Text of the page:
Quick reminder that it’s okay to like a problematic thing as long as you recognize it’s problematic.
All of my friends think I hate them b/c they went to see STXII and like, no, I don’t hate you for wanting to see the star trek movie.
I hate that Beastyboy Cabbagepatch was cast in a role that is traditionally PoC. I hate that JJ Abrams didn’t think there were any Desi actors good enough to play Khan Noonien Singh. I hate the imperialistic narrative inherent in having a white British man play a Desi role.
Abrams is racist. Whitewashing is racist.
Going to see the movie isn’t necessarily racist. Even liking Crumplehorn’s performance isn’t necessarily racist.
But please remember that the casting of him is inherently racist. Please don’t be that fan that says “If you insult Cumberbatch, you insult me,” and then write off people who point out that yes, his portrayal is ultimately racist because the character is Desi and he is not.
Star Trek has a long and amazing history of PoC inclusion and it made me very sad that this history was not honored, especially after Abrams did such an amazing fucking job on the FIRST movie.
So just… listen, if I say STXII was racist, I’m not saying my friends who enjoyed STXII are racist. However if you turn around and tell me that I’m “getting angry about nothing” or “overreacting” then I will side-eye you pretty hard.
I like how Hollywood makes excuses about making a character ‘white’ when the source material or person in history was of some other ethnicity by saying ‘we couldn’t find a good enough actor for the part.’
I guess they just ignore the foreign films industries and talent pools when convenient. It might have more to do with selling more tickets and dvds with a recognizable American or English actor than overt racism as in the past.
It’s 2013 and still pretty dumb they still do this.
Someone once asked me why I was harping on Butternut Clergyman and not on Johnny Depp as Tonto
I ignored the message because at the time I was worn out and lol mostly cause I was talking about Star Trek so bringing up the Lone Ranger would have been kinda weird?
See, Star Trek means something to me and members of my family. My step father and his mother are big Trekkies. My maternal grandmother was always there for Nichelle, even my mom tuned in to a few TNG episodes (She pretends she’s not a Whoopi fan, but I know. Also Levar)
No one in my house gives a fuck about The Lone Ranger. NO ONE. My grandmas ain’t watch that shit and my parents are way too young to have watched it. The Lone Ranger has always been kind of…ehhhhh. Tonto was arguably not a bad character,(not as bad as he could have been anyway) but he was def a stereotype. (Dat pidgin) I will say tho, it’s the same bullshit as in Star Trek that in the TV series Tonto was played by a Native Man while in the new movie “LOLOLNOPE”
I’ll believe that Buffalo Crumbsbatter didn’t know he was Khan. I can believe that because lol I mean look at the movie. I have trouble believing he really understood what was going on. But Depp knew he was playing Tonto, personal responsibility comes in here. Depp ain’t hurting for roles, he ain’t hurting for money. Nah, this was a dick move and I don’t give a fuck about his intentions. He’s still in the wrong.
And in my other post my point was it’s disrespectful to take Star Trek, which really did stand for diversity and….un diversify it and I felt like people really didn’t/don’t understand what that meant to people and what it still means for people all over the word.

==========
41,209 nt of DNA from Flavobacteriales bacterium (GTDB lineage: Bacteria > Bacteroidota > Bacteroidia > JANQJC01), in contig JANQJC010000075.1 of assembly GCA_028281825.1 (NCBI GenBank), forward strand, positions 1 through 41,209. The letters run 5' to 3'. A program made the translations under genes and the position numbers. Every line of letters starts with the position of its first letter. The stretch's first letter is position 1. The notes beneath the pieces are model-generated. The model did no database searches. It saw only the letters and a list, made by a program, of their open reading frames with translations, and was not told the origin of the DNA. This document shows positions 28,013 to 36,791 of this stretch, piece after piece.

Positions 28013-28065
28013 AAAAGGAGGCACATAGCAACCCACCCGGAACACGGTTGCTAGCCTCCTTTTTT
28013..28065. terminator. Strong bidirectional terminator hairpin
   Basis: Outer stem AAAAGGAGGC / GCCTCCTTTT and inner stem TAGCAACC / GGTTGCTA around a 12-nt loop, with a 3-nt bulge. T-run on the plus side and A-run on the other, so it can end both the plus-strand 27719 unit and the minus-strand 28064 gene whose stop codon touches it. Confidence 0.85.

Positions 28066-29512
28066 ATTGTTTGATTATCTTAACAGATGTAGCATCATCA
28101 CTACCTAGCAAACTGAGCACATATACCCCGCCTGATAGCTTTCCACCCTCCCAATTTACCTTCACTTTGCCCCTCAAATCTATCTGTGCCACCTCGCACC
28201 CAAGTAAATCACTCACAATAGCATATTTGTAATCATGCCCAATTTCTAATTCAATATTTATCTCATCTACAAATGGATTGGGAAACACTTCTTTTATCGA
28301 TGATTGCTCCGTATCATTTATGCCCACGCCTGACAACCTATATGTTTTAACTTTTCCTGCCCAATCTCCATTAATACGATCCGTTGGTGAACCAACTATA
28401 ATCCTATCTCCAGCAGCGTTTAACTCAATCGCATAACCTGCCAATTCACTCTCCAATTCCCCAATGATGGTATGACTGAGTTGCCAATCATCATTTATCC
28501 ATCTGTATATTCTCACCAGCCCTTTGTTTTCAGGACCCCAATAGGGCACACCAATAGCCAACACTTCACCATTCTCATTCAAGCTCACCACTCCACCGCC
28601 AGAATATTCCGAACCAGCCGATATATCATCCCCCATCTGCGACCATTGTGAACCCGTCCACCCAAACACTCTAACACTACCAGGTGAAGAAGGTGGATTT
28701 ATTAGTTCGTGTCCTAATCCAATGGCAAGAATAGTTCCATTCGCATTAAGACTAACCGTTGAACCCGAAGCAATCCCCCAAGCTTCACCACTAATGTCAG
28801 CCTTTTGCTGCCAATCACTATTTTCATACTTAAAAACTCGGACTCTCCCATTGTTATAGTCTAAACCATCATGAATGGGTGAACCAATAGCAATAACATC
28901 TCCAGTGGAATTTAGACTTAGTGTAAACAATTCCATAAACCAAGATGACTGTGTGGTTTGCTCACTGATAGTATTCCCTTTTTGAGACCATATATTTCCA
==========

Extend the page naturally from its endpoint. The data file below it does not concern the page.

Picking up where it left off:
I feel like
I shouldn’t have to explain
why and how this
Is racist as hell tbqh
I mean honestly.
People of color are always accused of being sensationalists, of being trolls, of ‘starting shit’ when we bring up issues of racism, whitewashing, and inequality in mostly white spaces.
Well. I’m not ashamed of starting shit.
Shit needs to get started. Even if you hate me for it, you’re still thinking about it.
And it’s funny, isn’t it
How the most well known actors seem to be so overwhelmingly white
Almost like there’s some type of
I don’t know
Institutional discrimination going on
As though actors of color so rarely have the chance to become as well known as white actors
As though movie roles are overwhelmingly written for white people
And even when they aren’t
White actors tend to get cast anyway
Because you know, it’s not about race
They’re just more talented and well known
waaait are white ppl still claiming that there’s nothing wrong with benedict cumberbatch playing khan in star trek
i thought we’d decided several weeks ago that the movie was whitewashed as fuck
THE CHARACTER IS NAMED KHAN NOONIEN SINGH I MEAN COME ON
This has been running through my head for a while now as a way to articulate all the many different ways that the Star Trek reboot, and more specifically, Star Trek: Into Darkness have disappointed and hurt fans. You see, Star Trek: The Original Series had a lot of flaws. It was campy, the sets were sometimes made of tissue paper, and the plots could be as cliché as could be. It also failed a lot of times at showing equality, and feminism. But there were also many times it succeeded (and as any fan knows, it was very progressive for that time period). Women were never captains, but they were lieutenants, and there was a whole episode pointing out that it was a problem that women weren’t captains (even if the show’s portrayal of that particular woman was problematic). People of color and different ethnicities were placed in roles that nobody else would have cast them in at the time.